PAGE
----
Donald Trump

Donald Jr.'s Trump Tower Meeting Was Not a Crime, and Neither Was Lying About It

Special Counsel Robert Mueller is investigating the president's role in writing an ass-covering statement that was misleading but not illegal.

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Robert Mueller, the special counsel investigating Russian attempts to influence the 2016 presidential election, has taken an interest in a misleading public statement about Donald Trump Jr.'s June 2016 meeting at Trump Tower with a Russian lawyer who claimed to have dirt on Hillary Clinton. In particular, The New York Times reports, Mueller wants to know what role President Trump played in writing the statement, which said the meeting was "primarily" about Russian policy on international adoptions. But neither the meeting nor the statement about it violated the law, which illustrates the difficulty that Mueller will have in demonstrating that the collusion and obstruction perceived by many of the president's opponents actually constitute crimes.

The Trump Tower meeting with Russian lawyer Natalia Veselnitskaya included Paul Manafort, Trump's campaign manager, and his son-in-law, Jared Kushner, as well as his son. When the meeting came to light last summer, the White House scrambled to explain it. "It was a short introductory meeting," said a July 8 statement attributed to Donald Jr. but reportedly crafted mainly by his father. "I asked Jared and Paul to stop by. We primarily discussed a program about the adoption of Russian children that was active and popular with American families years ago and was since ended by the Russian government, but it was not a campaign issue at that time and there was no follow up."

The statement was deliberately misleading, since emails showed that Donald Jr. agreed to meet with Veselnitskaya after one of his father's former Russian business partners, who called her a "Russian government attorney," said she had documents that "would incriminate Hillary and her dealings with Russia and would be very useful to your father." The intermediary described the information as "part of Russia and its government's support for Mr. Trump." Donald Jr.'s reply suggested he was eager to see what Veselnitskaya had. "If it's what you say," he wrote, "I love it." Veselnitskaya, it appears, was bluffing and did not have any useful information.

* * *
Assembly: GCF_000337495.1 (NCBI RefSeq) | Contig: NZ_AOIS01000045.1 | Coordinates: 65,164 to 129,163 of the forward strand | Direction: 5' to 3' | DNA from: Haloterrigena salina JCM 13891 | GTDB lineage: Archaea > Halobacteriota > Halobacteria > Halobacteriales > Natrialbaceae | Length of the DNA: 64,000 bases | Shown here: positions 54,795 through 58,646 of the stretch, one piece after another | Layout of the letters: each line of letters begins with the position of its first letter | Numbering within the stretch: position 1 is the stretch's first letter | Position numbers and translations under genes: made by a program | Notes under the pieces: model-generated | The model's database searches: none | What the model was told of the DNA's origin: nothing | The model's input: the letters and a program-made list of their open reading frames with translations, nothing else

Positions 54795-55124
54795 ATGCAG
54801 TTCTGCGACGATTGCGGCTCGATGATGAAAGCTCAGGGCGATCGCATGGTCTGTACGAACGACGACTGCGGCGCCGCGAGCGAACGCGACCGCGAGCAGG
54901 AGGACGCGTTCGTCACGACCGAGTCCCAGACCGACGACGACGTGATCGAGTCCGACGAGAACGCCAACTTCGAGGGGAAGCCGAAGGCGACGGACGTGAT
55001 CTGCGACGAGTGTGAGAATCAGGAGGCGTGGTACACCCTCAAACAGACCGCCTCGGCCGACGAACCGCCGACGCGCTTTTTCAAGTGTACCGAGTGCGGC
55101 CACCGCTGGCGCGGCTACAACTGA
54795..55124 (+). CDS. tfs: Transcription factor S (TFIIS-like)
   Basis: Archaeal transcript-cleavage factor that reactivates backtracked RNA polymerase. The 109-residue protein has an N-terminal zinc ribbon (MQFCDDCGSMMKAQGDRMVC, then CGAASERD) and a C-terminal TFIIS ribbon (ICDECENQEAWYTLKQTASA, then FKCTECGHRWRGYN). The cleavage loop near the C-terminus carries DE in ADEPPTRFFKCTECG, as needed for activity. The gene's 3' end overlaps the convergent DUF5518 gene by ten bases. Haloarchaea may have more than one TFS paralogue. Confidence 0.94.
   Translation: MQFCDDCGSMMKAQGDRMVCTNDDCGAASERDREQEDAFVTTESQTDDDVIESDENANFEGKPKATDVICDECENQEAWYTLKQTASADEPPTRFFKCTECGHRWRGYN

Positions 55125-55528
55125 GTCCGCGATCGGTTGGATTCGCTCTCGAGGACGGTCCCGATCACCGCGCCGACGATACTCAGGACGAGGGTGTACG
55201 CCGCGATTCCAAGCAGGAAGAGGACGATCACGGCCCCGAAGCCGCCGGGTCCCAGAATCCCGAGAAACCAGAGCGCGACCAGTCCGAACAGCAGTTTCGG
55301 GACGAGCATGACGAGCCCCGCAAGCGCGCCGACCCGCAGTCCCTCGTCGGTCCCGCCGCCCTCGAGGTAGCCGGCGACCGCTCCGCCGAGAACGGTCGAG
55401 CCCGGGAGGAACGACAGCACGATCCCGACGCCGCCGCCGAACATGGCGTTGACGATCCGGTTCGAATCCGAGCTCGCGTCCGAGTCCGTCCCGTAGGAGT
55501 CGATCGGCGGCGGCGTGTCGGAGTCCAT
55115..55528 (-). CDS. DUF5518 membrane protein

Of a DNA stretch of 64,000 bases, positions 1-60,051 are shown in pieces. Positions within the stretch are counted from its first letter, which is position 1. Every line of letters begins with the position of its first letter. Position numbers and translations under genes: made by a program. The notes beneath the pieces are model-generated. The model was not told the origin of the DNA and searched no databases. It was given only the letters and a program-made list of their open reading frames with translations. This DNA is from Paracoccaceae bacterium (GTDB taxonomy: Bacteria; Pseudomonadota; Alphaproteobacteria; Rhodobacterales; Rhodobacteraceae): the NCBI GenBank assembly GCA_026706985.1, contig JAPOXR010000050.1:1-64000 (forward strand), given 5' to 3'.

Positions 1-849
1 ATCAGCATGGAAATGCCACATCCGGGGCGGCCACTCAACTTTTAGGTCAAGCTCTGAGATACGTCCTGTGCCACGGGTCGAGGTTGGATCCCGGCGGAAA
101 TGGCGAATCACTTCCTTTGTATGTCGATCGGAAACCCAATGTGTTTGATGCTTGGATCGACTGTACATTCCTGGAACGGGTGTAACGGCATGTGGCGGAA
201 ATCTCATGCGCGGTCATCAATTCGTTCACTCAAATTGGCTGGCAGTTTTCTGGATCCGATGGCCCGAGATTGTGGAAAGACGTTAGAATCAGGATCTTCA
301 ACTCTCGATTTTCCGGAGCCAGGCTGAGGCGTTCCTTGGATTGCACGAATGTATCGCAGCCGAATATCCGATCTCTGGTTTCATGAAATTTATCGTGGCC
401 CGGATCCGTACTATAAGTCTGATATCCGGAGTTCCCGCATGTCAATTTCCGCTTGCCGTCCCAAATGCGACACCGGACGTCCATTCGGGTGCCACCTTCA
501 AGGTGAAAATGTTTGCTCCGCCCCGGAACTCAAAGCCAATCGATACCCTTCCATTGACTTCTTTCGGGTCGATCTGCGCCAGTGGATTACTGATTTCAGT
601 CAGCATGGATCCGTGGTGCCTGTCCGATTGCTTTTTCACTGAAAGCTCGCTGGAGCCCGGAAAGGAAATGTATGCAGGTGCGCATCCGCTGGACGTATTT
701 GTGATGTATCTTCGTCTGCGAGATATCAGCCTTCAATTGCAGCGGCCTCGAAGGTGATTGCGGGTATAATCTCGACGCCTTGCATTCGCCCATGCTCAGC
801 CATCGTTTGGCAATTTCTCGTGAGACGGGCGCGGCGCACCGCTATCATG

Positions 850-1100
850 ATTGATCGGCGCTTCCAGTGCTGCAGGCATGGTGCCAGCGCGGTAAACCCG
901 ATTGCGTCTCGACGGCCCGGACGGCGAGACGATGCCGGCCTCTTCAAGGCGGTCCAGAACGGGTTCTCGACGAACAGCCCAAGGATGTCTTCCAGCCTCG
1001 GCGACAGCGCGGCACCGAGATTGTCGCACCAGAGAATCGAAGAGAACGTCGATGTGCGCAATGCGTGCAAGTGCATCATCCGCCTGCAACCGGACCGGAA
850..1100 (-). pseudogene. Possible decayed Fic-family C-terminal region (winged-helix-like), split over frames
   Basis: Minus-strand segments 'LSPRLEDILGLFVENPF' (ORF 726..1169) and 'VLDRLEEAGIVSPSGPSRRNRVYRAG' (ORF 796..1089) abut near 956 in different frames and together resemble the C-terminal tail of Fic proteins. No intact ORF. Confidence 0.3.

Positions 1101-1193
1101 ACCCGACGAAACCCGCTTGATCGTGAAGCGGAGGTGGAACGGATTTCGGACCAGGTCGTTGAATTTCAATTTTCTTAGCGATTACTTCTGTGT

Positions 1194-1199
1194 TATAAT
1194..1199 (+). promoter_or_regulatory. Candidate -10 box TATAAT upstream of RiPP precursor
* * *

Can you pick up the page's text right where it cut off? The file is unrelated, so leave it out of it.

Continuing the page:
This episode was embarrassing, but that does not mean it was criminal. When former White House strategist Stephen Bannon called the meeting "treasonous," he was speaking loosely. The legal definition of treason requires waging war against the United States or giving "aid and comfort" to its enemies, defined as nations or organizations with which it is at war.

Donald Jr. did not do either of those things by talking to a Russian lawyer in the hope of obtaining information that could be used against his father's opponent in the presidential election. The fact that Veselnitskaya had ties to the Russian government, which preferred Trump to Clinton, does not transform opposition research into treason. If the meeting with Veselnitskaya provided "aid and comfort" to an enemy of the United States, so did any action aimed at electing Trump. In any case, Russia does not legally qualify as an enemy, since it is not at war with the United States.

Even if the meeting was perfectly legal, lying about it could be a crime. But not in this context. As the Times notes, "Lying to federal investigators is a crime; lying to the news media is not." Even if the elder Trump wrote the statement attributed to his son with the intent of deceiving the press and the public about the motivation for the meeting with Veselnitskaya, that would not be illegal.

Since Trump has agreed to answer questions from Mueller, he still has an opportunity to commit an actual crime by lying about the meeting or about the genesis of the statement attributed to his son. Lying to Mueller would violate 18 USC 1001, which criminalizes deliberately false statements "in any matter within the jurisdiction of the executive, legislative, or judicial branch of the Government of the United States." Michael Flynn, Trump's former national security adviser, pleaded guilty to that offense, as did former Trump campaign adviser George Papadopoulos. Both cases involved lies to the FBI about direct or indirect contacts with Russians—contacts that were not in themselves illegal.

It is still possible, in other words, that Trump will commit a felony by lying about a nonexistent crime. Whether he could be indicted for that offense without being impeached first is a matter of dispute. So is the question of whether the president can obstruct justice by doing things (such as firing the FBI director) that he has the undisputed authority to do. In practice, a president's obstruction of justice, which figured in the impeachments of Richard Nixon and Bill Clinton, is whatever Congress says it is. The current Congress, controlled by the president's party, has little interest in exploring the matter.

No doubt things would be different, as New York Times columnist Bret Stephens argues, if Hillary Clinton had been elected president and proceeded to do what Trump has done. But it seems unlikely that Mueller will change Republicans' minds by focusing on Trump's efforts to mislead the public about his campaign's Russian contacts. If lying to the public were a crime, Trump would be eligible for a life sentence.

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  1. My prog roommate brought up impeachment again last night, and I’m convinced the entire left have lost their minds. There’s literally no evidence of anything, but “they are working on it!” and “people didn’t think Nixon would have to resign.” He rattled off some policy things he didn’t like and I told him too damn bad, you can’t impeach the President because you don’t like his tax plan. Holy Hell.